I recognized the need to be approachable, open, clear, welcoming, and inclusive in all my interactions with families and community members. This didn’t mean agreeing with all that was said. It didn’t mean having no guidelines for involvement. It did mean acting fairly with integrity and advocating for the students. I needed to understand other’s perspectives and clarify roles. If an idea for involvement fit within our school-developed Family-Community Involvement Policy, we would move ahead. If it didn’t align, we didn’t move forward. Putting the needs of students at the forefront makes saying, “we appreciate the offer, but no, thank you at this time. However, here is an area we do need help with” easier.

Understanding other’s perspectives is critical for the success of districts and schools. Working in underperforming schools requires a lot of heavy lifting and everyone wants to help. My advice to leaders is to be crystal clear in your expectations for involvement. You can and must put the students ahead of the helpers. I find that many social agencies and local businesses are involved in the schools, some working at cross purposes with each other and usually removing students from the critical instruction to participate in a tutorial or counseling session. For instance, well meaning local businesses might encourage their employees to volunteer at schools during their regular working hours, often logging hundreds of hours. Teachers often assigned their lowest readers to be tutored by volunteers. I was shocked to see this practice and immediately took steps to redirect the well-meaning parents and the volunteers in ways to truly benefit students; many are described in this issue. Clarifying responsibilities for those who want to assist in our schools makes for productive outcomes and honest management of expectations. Here’s what I did.

Parent Involvement
Parents want to be involved and need guidance. For those who wanted to come to the classroom, they were assigned duties within (organizing libraries, collecting forms, readying materials, making copies, cutting materials), but not teaching, not supervising, and not grading work. Most of my own volunteering was done from home making materials, typing documents, washing work mats, making copies, creating game parts, and collecting and organizing manipulatives. School leaders need to offer activities that involve parents and community volunteers meaningfully and meet teacher and student needs. You decide what activities are best and when!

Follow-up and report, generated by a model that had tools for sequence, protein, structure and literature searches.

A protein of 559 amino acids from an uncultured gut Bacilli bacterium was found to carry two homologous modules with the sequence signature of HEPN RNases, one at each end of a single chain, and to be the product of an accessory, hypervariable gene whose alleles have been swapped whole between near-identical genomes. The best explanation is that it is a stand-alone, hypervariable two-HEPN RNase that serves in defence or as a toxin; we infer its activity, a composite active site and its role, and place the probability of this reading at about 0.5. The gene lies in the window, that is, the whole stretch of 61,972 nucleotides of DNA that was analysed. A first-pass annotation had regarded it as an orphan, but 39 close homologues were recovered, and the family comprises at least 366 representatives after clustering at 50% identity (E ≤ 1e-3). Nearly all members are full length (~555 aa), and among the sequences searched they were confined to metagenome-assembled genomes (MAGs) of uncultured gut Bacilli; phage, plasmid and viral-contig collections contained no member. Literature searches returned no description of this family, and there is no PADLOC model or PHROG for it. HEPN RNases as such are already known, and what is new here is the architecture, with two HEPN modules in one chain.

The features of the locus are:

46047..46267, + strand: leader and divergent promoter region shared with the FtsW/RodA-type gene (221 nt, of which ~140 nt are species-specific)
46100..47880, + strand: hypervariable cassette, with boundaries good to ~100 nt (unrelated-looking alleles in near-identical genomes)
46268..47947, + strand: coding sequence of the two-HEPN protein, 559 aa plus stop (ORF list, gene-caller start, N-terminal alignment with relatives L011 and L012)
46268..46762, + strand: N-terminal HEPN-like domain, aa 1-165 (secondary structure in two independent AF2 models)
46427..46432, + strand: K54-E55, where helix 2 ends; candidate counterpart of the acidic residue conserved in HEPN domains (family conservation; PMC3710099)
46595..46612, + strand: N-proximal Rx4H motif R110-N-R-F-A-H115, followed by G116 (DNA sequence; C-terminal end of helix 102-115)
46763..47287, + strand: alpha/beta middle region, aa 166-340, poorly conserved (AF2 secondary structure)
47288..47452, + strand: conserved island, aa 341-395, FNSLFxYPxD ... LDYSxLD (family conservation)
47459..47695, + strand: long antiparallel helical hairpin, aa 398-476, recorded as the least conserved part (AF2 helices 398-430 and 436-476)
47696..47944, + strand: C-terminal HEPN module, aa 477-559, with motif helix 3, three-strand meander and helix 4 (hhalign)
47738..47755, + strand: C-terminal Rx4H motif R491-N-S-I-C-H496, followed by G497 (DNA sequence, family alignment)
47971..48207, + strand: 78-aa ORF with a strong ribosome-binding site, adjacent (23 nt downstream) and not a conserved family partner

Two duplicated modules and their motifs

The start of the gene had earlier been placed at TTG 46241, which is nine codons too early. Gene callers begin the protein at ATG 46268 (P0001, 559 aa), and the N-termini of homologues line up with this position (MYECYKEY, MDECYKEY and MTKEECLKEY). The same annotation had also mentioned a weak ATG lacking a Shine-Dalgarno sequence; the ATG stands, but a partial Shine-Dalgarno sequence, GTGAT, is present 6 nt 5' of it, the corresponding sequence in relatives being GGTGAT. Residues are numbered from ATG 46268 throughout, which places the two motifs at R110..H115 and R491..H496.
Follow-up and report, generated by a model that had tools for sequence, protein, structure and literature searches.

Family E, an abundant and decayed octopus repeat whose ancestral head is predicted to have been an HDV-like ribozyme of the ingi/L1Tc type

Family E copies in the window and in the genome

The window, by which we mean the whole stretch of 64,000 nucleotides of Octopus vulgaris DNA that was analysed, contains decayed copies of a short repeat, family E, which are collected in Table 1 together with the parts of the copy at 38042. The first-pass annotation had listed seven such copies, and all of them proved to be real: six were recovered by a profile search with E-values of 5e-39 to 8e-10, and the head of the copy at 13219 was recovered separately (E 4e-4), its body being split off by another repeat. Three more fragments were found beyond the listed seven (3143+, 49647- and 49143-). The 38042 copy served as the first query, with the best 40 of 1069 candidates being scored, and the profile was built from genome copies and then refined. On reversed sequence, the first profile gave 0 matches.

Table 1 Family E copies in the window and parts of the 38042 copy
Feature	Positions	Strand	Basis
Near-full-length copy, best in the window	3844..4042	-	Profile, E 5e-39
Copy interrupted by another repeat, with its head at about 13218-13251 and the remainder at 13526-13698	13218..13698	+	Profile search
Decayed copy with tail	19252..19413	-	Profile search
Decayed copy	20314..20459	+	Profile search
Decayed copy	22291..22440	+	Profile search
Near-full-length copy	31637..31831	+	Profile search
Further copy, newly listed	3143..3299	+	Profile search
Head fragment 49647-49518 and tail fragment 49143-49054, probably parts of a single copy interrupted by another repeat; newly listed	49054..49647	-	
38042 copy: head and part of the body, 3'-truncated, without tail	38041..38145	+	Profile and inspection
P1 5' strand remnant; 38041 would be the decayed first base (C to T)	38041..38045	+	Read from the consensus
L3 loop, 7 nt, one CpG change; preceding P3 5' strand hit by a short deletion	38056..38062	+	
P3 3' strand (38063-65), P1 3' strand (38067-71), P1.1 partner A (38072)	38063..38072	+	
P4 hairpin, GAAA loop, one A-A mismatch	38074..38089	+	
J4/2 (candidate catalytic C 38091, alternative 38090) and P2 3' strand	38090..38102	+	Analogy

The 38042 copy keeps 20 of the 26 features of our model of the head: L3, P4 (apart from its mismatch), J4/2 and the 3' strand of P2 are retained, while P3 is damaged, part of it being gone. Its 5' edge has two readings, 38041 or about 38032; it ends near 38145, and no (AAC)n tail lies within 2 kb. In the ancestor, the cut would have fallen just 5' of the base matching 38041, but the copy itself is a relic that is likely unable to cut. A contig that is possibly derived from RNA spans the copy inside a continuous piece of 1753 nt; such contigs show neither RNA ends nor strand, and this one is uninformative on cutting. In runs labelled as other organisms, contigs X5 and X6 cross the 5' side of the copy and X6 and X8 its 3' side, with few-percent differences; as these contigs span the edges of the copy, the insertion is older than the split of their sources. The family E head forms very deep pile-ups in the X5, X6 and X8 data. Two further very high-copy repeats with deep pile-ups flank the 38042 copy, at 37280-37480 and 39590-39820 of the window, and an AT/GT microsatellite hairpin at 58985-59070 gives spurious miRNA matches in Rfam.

Community Involvement
Community volunteers also want to help improve schools. In each of my school communities, I asked the business owners to meet with me and I described the roles I would like them to play in the coming years. I shared data with them showing that the students who were being tutored in reading were no better off and further at risk, although the affective aspect of a caring adult coming to school to read with a student provided structure and reliability for many children. I felt a moral responsibility to our students and their parents for providing them a high quality education from a high quality teacher, not a volunteer tutor. We drafted a plan that we presented to the current (and any future) volunteers that outlined when they could volunteer for activities. All volunteers were assigned to afterschool activities that were supportive of academics. They were asked to attend a volunteer meeting where they were provided with a structured program to guide their work. Volunteers were also asked to administer afterschool formative assessments to track student performance and met with me several times during the year to evaluate the model and student growth.

 

Critical Leadership Attribute
Approachability

How many leaders do you know…

Who are approachable? Approachable leaders listen more than they speak. They connect with people and are open. While not instigators, they don’t shy away from conflict or controversy. They are honest and direct.

Who put you at ease and make it easy to talk with them? Approachable leaders are curious and ask questions to help get to the root of the issue and seek common ground.

Who spend extra time really listening? Approachable leaders are good sounding boards. They take the time to really help. Sometimes that means simply listening through the anger of a caregiver who just wants help and wants to know that you care about their child.

Who make you feel comfortable? Approachable leaders show compassion and empathy. They smile freely, wave, and find joy in their work.

Who have patience? Approachable leaders don’t rush to judgement or a solution. They problem solve with the caregiver to engage and support.

 

Critical Leadership Attribute
Willingness to Work at Two-Way Clear Communication

Building and maintaining positive relationships with parents and community members requires clear communication and consistent expectations.

Tips for Building Relationships

Tips for Maintaining Relationships

Build relationships one at a time

Pay attention to parents

Be friendly and make connections Communicate openly with parents
Ask parents questions Appreciate each parent
Tell parents about yourself Extend yourself to parents
Accept parents the way they are Volunteer in their organization
Assume parents want a relationship Challenge each parent to do better
Be persistent Support parents when times are tough
Invite parents to be involved Lead conversations with good news
Enjoy parents and their children Share resources with parents